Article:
Since arriving at Sydney’s Macquarie University campus in 2009, CIO Marc Bailey has made inroads into reducing ICT costs while improving the technology experience on campus for both staff and students.
He joined the University after working as a CTO for Australian company Objective Corporation.
Bailey spoke to CIO Australia about some of the projects he has been working on and why a set of digital scales is his favourite gadget.
What does your role at Macquarie University involve?
My job is to figure out how to time shift and place shift anything people want to do on the digital campus. To do that, I organise our world into four different areas.
Experience – what it feels like to be on the campus.
Information – looking for business intelligence and other data mining techniques to see how we are doing.
Technology – the design and implementation of products.
Strategy – how we will spend our money and how much is spent.
What are some of the projects you are working on?
Our rollout of the open source customer relationship management (CRM) software Sugar CRM, known as Tracker within the university, is our largest single investment area in terms of software this year. The SugarCRM system is currently being used to manage relationships with more than 44,000 Australian and international students.
We’re working on a project called iLab where we let students have their own personal computer lab on the Internet. Students can be at their house and access the computer lab online. This has been very successful and usage has gone up by 600 per cent in the last semester.
We are also looking to reduce our carbon footprint with a solution called iPrint. That means people print something, walk to any printer on campus, swipe their card and the pages come out. If you are a student, you will get charged for that. If you’re a staff member, the faculty will get charged. By doing this, we reduce the amount of lost and forgotten print outs. Nothing comes out of the printer until the student or staff member swipes their card.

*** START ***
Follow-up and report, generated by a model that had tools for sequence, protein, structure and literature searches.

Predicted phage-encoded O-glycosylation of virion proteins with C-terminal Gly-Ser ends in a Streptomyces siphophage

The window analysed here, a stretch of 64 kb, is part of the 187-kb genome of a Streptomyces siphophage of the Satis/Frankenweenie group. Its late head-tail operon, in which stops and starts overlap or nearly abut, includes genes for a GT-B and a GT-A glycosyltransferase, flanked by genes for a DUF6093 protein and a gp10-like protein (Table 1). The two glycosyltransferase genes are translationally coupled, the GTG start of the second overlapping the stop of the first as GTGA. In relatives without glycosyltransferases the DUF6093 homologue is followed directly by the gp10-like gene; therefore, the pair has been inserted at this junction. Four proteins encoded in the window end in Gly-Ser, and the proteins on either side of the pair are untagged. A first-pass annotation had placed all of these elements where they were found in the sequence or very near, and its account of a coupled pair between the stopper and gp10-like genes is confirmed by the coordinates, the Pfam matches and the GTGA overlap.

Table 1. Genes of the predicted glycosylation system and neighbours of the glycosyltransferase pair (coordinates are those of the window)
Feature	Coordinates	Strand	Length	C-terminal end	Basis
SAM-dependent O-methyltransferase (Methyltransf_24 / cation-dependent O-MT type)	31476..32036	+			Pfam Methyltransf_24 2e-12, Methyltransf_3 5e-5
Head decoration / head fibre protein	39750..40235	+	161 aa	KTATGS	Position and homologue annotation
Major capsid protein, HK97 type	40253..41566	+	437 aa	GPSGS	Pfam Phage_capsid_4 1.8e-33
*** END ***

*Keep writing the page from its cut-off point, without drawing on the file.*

How important is it for you to have a good working relationship with the CEO, CFO or other C-level executives?
It’s absolutely critical. In our situation, the equivalent of the CEO is the Vice Chancellor and I report to a COO so we have to be lock step.
What are some of the challenges you face in the role of CIO?
Empathy and trust are the two things you have to care most about. The added dimension of a large organisation is consistent communication and consultation. In a university there are extra dimensions because there is no single call to arms, whereas in a corporation you have shareholder value and bottom line.
In a university there are idealistic, social and financial imperatives. It’s not so easy to pick the right answer or the optimal course. That’s a constant challenge to try and strike a balance that doesn’t just keep stakeholders happy but advances the state of the digital campus.
What are the three biggest issues facing CIOs today?
The modern CIO only has to worry about three things – bandwidth, identity and encryption.
Identity sets you free in the sense that if you know who your customer is than you can offer them better services.
With bandwidth you have limitless possibilities.
Encryption means privacy and the ability to put something on the Internet or Intranet and not worry about it.
What is your favourite gadget??
I have a set of digital scales so I can track my weight. The scales take four AA batteries and connects to a Wi-Fi network.
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